Creating healthier work, not tougher workers

Using the right words

Words matter when it comes to advocating for mental health in work. Two important words to know are psychological and psychosocial. Let’s understand their differences and why they are crucial for fighting for healthier work.

Employers and regulators often lean towards a psychological approach to mental health in work, while labour representatives support a psychosocial approach.

A psychological approach focuses on the individual worker and their personal characteristics. It assumes that work doesn’t affect mental well-being and that any mental health problems a worker has are personal.

In contrast, a psychosocial approach recognizes that work has an impact on mental well-being. It focuses on identifying and eliminating work-related hazards that harm workers to restore good protective work practices.

External factors like pandemics, inflation and systemic oppression significantly influence mental well-being. Ideally, work practices should provide support in facing these collective challenges.

Why is this important?

A psychological approach to mental health in work focuses on individual resiliency. This means making workers “tougher.”

However, most employers and union representatives are not trained psychologists. They lack the expertise to diagnose or provide appropriate solutions for psychological issues.

A psychological approach also relies on case-by-case accommodations, ignoring ongoing mental health hazards that affect all workers.

In contrast, a psychosocial approach looks at how work organization and culture impact mental health. It looks for features of work that can injure workers or make them sick. Features of work that can injure mental health are called psychosocial hazards.

By focusing on psychosocial hazards, we shift the emphasis from individuals to the work itself.

A psychosocial approach aims to create healthy work instead of making individual workers more resilient.

Is my work healthy?

Signs of toxic work

If your workplace exhibits these signs, it may be psychosocially toxic. This will impact the health of all employees—it’s just a matter of time.

  • Absenteeism
    • People frequently miss work when they could be present.
  • Presenteeism
    • People come to work even when they should be taking time off due to sickness or vacation.
  • High staff turnover
    • Employees leave unexpectedly because they just can’t take it anymore.
  • Increased musculoskeletal injuries
    • Work stress causes muscle tension, leading to injuries over time.
  • Multiple leaves
    • Many individuals are on sick leave, stress leave or leave for injuries.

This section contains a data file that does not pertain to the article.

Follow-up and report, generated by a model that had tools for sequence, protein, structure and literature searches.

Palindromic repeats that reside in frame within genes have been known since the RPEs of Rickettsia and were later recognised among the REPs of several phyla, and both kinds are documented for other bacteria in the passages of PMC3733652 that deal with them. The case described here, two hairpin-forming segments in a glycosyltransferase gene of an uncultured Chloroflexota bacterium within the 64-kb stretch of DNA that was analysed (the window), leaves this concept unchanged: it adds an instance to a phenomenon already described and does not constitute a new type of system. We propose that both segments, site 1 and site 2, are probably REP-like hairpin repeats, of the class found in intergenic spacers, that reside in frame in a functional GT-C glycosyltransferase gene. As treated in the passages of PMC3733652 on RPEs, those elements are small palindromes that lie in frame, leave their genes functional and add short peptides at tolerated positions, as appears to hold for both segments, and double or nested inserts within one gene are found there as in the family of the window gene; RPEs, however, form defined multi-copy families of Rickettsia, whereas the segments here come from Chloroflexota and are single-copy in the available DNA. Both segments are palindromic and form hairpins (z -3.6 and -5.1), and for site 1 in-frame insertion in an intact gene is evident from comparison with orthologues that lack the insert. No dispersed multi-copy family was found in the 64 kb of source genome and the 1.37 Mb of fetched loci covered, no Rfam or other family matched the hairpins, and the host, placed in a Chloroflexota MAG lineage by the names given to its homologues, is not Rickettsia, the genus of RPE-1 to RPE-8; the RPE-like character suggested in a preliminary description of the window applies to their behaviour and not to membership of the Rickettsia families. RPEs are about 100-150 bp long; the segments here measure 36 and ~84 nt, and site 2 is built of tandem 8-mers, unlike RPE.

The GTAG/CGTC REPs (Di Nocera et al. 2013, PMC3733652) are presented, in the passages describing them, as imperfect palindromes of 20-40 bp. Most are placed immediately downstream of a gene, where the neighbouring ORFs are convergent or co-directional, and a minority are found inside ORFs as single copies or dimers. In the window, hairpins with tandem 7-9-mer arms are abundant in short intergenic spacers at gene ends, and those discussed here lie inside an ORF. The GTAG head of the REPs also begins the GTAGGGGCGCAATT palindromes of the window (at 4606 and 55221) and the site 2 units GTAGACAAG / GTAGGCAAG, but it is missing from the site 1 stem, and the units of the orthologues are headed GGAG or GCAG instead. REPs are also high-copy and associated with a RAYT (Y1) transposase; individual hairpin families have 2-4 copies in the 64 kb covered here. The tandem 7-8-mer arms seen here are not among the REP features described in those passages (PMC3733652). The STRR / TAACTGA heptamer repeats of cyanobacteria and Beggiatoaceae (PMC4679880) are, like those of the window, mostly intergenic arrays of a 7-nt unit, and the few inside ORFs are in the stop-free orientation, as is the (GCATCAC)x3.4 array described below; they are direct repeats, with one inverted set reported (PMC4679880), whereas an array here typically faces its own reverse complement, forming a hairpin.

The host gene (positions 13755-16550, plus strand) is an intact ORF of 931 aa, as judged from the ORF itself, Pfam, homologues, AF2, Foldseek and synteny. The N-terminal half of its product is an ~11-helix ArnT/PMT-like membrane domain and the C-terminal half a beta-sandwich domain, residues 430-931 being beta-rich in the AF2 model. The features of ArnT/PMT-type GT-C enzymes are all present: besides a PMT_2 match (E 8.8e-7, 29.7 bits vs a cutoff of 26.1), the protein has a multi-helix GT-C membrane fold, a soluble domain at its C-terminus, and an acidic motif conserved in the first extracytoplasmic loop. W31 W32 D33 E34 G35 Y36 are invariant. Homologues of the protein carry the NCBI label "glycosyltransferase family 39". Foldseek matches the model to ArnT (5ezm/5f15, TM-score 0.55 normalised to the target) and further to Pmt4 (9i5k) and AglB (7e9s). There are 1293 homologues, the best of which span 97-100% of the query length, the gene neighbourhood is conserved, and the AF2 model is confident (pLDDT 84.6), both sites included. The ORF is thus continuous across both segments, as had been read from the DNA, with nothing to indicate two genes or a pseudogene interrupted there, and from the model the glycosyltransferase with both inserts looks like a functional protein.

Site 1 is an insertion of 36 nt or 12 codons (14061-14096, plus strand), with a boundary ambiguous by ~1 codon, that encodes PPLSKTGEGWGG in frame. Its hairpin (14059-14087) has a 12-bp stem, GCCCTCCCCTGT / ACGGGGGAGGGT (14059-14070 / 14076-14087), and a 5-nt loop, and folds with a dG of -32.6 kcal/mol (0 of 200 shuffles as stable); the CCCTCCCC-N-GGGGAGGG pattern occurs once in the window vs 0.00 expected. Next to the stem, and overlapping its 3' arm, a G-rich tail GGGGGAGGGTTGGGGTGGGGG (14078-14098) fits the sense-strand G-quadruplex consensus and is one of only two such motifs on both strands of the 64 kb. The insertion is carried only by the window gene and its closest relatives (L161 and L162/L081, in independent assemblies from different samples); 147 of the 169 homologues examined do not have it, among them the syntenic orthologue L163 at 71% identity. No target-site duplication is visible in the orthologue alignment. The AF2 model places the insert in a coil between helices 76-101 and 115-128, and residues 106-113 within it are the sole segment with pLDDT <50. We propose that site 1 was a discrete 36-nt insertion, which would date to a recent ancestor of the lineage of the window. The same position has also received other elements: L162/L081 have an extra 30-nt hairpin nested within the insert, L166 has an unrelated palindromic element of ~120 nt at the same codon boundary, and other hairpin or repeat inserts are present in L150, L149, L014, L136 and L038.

• Difficulty in hiring new workers
    • Workplace reputation suffers and current employees don’t recommend it.
  • Difficulty retaining new hires
    • New workers experiencing toxicity leave.
  • Reliance on casual or temporary staff
    • Unpredictable income is stressful for workers, and employers who rely on casual or temporary workers often do so to avoid paying for benefits that keep staff healthy.

Signs of healthy work

Healthy work promotes positive interactions and minimizes psychosocial hazards.

In healthy work, workers:

  • Enjoy their work and look forward to coming in
  • Take ownership and pride in their work
  • Are engaged and complete tasks with enthusiasm
  • Address and resolve conflicts promptly and creatively

Healthy work also has a low turnover rate because employees are happy and stay. Hiring new workers is easy, but rare.

What to do?

The occupational health and safety system handles work hazards, including psychosocial hazards. Workers have the right to know about work hazards and how employers will reduce exposure. Workers also have the right to participate in the health and safety process.

Every workplace should have a mental health strategy that targets psychosocial hazards. This strategy should include an occupational health and safety policy and program. The joint health and safety committee or a union health and safety representative should be involved in the strategy. If your workplace lacks a mental health strategy, the union should discuss it in joint health and safety committee and labour management meetings.


Members of equity-deserving groups may have additional stressors to deal with, like violence or discrimination based on race, culture, origin, ability, gender identity or expression, or sexual orientation. Intergenerational trauma, like from colonization or racism, can cause mistrust of the health care or security systems we typically count on for help. Any action proposed must be respectful and inclusive.